A&M Tax Advisor Weekly
In the decades since the physical presence nexus standard for use tax collection was established by the U.S. Supreme Court decision in Quill Corp. v. North Dakota in 1992, electronic commerce has grown to enormous proportions. Thanks to the physical presence rule established for remote sellers in Quill, many online sellers have not been required to collect tax in all states where the seller has customers. Some say online sellers have an unfair advantage over brick and mortar sellers who cannot escape the requirement to collect tax. While states have long waited for Congress to step in to legislate a solution, such proposed legislation rarely gains traction in Congress. With the U.S. Supreme Court now having agreed to hear the South Dakota v. Wayfair, Inc., case, the Quill physical nexus standard and the various means by which states have sought to make end-runs around that standard, may all soon change. What should remote sellers do in the meantime?
In recent years, states have reacted with increasingly innovative tactics to better capture the commerce directed toward their marketplaces. They have tried various approaches to attributing a physical presence to online sellers and, more recently, have passed legislation designed to directly challenge the Quilldecision. On Friday, January 12, 2018, the U.S. Supreme Court granted certiorari in South Dakota v. Wayfair, Inc. Later this year, the Supreme Court will render a decision in South Dakota v. Wayfair, Inc. that may modify the Quill decision, allow it to stand, or overturn the decision entirely. In the meantime, remote sellers must contend with the already unwieldy physical nexus rules as well as various approaches that have been developed by select states in conferring use tax nexus, which are outlined below.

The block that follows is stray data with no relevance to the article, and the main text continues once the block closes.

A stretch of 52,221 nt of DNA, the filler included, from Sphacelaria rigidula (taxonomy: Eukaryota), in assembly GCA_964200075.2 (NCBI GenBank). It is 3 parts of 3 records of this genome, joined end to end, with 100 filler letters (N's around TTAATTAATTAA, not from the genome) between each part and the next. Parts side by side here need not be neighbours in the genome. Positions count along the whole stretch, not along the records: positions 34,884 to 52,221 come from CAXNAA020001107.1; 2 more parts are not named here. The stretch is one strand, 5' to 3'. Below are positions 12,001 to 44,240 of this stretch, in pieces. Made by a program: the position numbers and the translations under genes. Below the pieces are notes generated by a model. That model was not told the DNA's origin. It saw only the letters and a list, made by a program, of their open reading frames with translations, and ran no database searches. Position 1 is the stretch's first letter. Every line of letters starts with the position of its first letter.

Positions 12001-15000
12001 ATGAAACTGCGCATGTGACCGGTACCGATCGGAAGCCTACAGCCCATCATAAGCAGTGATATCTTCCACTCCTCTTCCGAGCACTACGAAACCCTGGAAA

Traditional Sales and Use Tax Nexus Based on Entity’s Activities:
In the Quill case, the Supreme Court reaffirmed its earlier finding in the National Bellas Hess case, which stated that “substantial nexus” for sales and use tax purposes is physical presence of property and/or employees physically entering the state on a regular and systematic basis. Therefore, a seller must have a physical presence in the taxing state before the state can require the seller to collect its use tax. National Bellas Hess v. Department of Revenue, 386 U.S. 753 (1967), Quill Corporation v. North Dakota, 504 U.S. 298 (1992).
A seller’s activities can be subject to use tax collection requirements if the seller has physical presence in the taxing state, even if the seller’s activities in the state have no relation to the transaction being taxed. National Geographic Society v. California Board of Equalization, 430 U.S. 551 (1977).
Traditional Agency Sales and Use Tax Nexus:
In-state activities performed on behalf of the seller by third parties and/or related parties could result in agency nexus for the seller. Scripto v. Carson, 262 U.S. 207 (1960), in Tyler Pipe Indus., Inc. v. Washington State Dep’t of Revenue, 483 U.S. 232 (1987). Together with the cases noted earlier, these U.S. Supreme Court decisions preclude a state from asserting the duty to collect sales or use tax upon an out-of-state seller absent proof that the out-of-state seller itself, or through an agent or representative soliciting on the out-of-state seller’s behalf, is physically present in the state.
Various State Approaches to Asserting Nexus…